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This question is somewhat related to hierarchial data but I already have a stored procedure from my database which is returning the data mentioned below. I am not trying to find out how to build a hierarchy (done), I am trying to figure the best way to calculate numbers based on that hierarchy with PHP (perhaps recursive arrays?).

Using a custom stored procedure, I am able to pull a list of sales representatives for our company, the products they sold and the "earn" percentage for each one of those products on new rows and their subsequent sales reps (if in a tree).

An Example of the data returned can be as follows:

Repnum | Name | productID | sales | earn | depth | parentRep
------------------------------------------------------------
1      |   A  |   1       | 5000  | 0.50 |  1    | 0
1      |   A  |   2       | 10000 | 0.35 |  1    | 0  
2      |   B  |   1       | 400   | 0.40 |  2    | 1
2      |   B  |   2       | 1000  | 0.30 |  2    | 1
7      |   E  |   1       | 30000 | 0.35 |  3    | 2
3      |   C  |   1       | 5000  | 0.33 |  2    | 1

It is safe to assume that the order of the data returned is already formatted and sorted appropriately based on the depth and information not presented here. In a Tree view, the data above would look like this:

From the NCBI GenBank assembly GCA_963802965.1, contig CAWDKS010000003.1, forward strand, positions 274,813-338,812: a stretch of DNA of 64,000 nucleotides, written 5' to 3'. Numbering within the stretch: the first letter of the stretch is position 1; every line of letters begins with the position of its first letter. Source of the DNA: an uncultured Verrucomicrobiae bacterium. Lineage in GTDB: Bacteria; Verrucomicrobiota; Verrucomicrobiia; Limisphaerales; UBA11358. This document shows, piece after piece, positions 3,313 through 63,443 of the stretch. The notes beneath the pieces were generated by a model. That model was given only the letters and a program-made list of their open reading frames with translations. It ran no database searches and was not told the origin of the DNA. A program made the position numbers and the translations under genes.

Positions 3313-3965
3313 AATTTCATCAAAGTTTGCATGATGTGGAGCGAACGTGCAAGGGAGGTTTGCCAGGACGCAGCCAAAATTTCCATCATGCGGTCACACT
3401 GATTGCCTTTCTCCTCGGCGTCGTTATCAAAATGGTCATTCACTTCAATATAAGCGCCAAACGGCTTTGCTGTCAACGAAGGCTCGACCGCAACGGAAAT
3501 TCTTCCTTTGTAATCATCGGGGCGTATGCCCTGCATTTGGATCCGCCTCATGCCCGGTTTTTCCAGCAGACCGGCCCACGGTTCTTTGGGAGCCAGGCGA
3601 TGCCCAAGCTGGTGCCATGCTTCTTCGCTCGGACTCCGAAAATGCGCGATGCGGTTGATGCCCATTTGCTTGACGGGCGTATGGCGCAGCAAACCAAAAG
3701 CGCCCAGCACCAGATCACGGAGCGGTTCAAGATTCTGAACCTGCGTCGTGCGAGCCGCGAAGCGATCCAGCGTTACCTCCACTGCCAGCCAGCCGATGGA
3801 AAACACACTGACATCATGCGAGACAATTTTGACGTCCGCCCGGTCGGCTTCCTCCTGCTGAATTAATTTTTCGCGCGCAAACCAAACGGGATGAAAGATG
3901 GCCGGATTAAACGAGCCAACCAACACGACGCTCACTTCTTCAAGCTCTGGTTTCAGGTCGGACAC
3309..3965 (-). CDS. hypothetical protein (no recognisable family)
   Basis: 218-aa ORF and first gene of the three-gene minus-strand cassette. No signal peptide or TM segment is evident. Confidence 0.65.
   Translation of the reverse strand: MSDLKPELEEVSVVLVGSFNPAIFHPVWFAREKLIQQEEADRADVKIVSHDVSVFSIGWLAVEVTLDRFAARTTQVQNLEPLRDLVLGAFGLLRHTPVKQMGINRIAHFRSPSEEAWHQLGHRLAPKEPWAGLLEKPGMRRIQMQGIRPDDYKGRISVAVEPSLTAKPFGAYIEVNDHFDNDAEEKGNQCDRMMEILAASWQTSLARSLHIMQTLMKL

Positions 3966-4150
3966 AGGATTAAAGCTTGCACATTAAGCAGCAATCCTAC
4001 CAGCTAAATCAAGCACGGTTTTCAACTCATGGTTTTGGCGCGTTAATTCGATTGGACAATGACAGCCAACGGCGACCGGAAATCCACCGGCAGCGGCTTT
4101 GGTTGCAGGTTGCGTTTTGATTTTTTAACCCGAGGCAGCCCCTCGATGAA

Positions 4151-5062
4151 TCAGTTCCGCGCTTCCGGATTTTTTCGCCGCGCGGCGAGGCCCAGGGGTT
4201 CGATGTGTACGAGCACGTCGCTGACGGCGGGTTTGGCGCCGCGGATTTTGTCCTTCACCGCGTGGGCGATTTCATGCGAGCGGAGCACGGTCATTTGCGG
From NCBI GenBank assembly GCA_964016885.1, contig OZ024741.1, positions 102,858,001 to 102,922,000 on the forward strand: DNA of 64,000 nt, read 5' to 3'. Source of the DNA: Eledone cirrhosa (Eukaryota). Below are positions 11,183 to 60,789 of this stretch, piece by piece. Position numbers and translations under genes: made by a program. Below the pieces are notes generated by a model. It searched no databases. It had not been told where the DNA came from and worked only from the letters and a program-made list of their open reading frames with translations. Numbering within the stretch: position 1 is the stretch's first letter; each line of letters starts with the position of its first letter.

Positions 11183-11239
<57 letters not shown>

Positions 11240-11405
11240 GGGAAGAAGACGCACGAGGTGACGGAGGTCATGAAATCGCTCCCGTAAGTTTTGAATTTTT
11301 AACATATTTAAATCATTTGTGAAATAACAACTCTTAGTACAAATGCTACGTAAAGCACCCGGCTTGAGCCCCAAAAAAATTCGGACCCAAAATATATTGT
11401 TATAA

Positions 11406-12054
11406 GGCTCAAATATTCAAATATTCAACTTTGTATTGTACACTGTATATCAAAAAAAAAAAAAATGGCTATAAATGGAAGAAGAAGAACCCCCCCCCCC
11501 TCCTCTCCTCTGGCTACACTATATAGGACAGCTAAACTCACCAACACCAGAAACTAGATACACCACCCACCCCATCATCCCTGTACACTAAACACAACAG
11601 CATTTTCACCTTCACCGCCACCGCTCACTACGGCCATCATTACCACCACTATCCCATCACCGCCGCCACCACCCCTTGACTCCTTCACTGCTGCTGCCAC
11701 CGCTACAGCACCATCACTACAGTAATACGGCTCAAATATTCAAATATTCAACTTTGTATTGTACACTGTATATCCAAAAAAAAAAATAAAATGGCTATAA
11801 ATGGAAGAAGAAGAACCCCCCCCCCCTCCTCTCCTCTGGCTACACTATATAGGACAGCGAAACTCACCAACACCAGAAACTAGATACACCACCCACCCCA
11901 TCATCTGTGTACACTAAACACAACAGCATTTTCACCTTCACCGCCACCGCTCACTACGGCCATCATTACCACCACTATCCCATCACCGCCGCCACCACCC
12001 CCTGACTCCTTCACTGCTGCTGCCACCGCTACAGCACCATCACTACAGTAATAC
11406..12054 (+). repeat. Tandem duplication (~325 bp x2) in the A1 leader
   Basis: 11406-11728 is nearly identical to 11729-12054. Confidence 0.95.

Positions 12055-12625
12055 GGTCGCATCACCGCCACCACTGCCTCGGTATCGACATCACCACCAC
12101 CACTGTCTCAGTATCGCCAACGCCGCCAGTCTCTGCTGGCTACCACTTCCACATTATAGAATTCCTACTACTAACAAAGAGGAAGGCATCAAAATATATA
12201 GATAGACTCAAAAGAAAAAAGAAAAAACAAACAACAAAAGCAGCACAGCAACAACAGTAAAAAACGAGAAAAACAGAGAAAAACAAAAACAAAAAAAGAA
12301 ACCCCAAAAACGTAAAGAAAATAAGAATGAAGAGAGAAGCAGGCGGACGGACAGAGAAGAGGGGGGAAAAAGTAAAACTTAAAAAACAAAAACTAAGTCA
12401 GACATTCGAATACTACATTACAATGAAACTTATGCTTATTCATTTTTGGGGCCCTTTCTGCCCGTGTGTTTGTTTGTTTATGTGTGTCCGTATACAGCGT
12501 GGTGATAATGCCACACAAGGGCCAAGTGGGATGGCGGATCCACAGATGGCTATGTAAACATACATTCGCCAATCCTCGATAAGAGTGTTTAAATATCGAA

1-A-1-5000-0.50-1-0
1-A-2-10000-0.35-1-0
   2-B-1-400-0.40-2-1
   2-B-2-1000-0.30-2-1
      7-E-1-30000-0.35-3-2
   3-C-1-5000-0.33-2-1

In my while(results) loop, I am trying to calculate the following for EACH repnum returned:

  • The total of that rep num's sales multipled by the earn % for each product (their total sales and earn amounts)
  • The total amount of sales for each downline tree multiplied by the difference between the current rep and the level below it

To show the math for how this would work:

Rep 1 Earnings:

Rep 1 total sales = 5000 + 10000 = 15,000
Rep 1 earn on self = (5000 * 0.50) + (10000 * 0.35) = 6,000 hello!

Rep 2 total sales = 400 + 1000 = 1400
Rep 1 earn on rep 2 sales = (400 * (0.50-0.40) + (1000 * (.35-0.30)) = 90

Rep 7 total sales = 30000
Rep 1 earn on rep 7 sales = (30000 * (0.50-0.40)) = 3000*
(* the reason the earn is calculated at rep 1 earn - rep 2 earn is because in any tree, the "parent" can only ever earn the difference of his/her earn and the direct depth below him/her)

Rep 3 total sales = 5000
Rep 1 earn on rep 3 sales = (5000 * (0.50-0.33)) = 850

**Rep 1 TOTAL earn = 6,000 + 90 + 3000 + 850 = 9,940**

Rep 2 Earnings:

Rep 2 total sales = 400 + 1000 = 1400
Rep 2 total earn on self = (400 * 0.40) + (1000 * 0.30) = 460

Rep 7 total sales = 30000
Rep 2 total earn on rep 7 sales = (30000 * (0.40-0.35)) = 1500*
(* here, rep 2 earns the difference between him/her and rep 7 because he is in the depth right above it / his/her parent)

**Rep 2 TOTAL earn = 460 + 1500 = 1,960**

... and so on


I could have built the script to use HEAVY mysql recursion and simply done a hefty number of while() loops for each depth but found it unnecessary and taxing on a system given the stored procedure I use to go ahead and pre-calculate the hierarchy and depth and sort the data appropriately. Calculating the top level rep is simple enough but to then go back from the 2nd person on the list (and so on) and start again is where I am struggling some.

I would like to be able to return an output similar to the following based on the sample data above:

num | Name | earnAmount
------------------------
1   |  A   | 9940
2   |  B   | 1960
7   |  E   | 10500
3   |  C   | 1650

Thank you ahead of time for any help!

Notes on questions that have been asked:

Q: How are earn % calculated?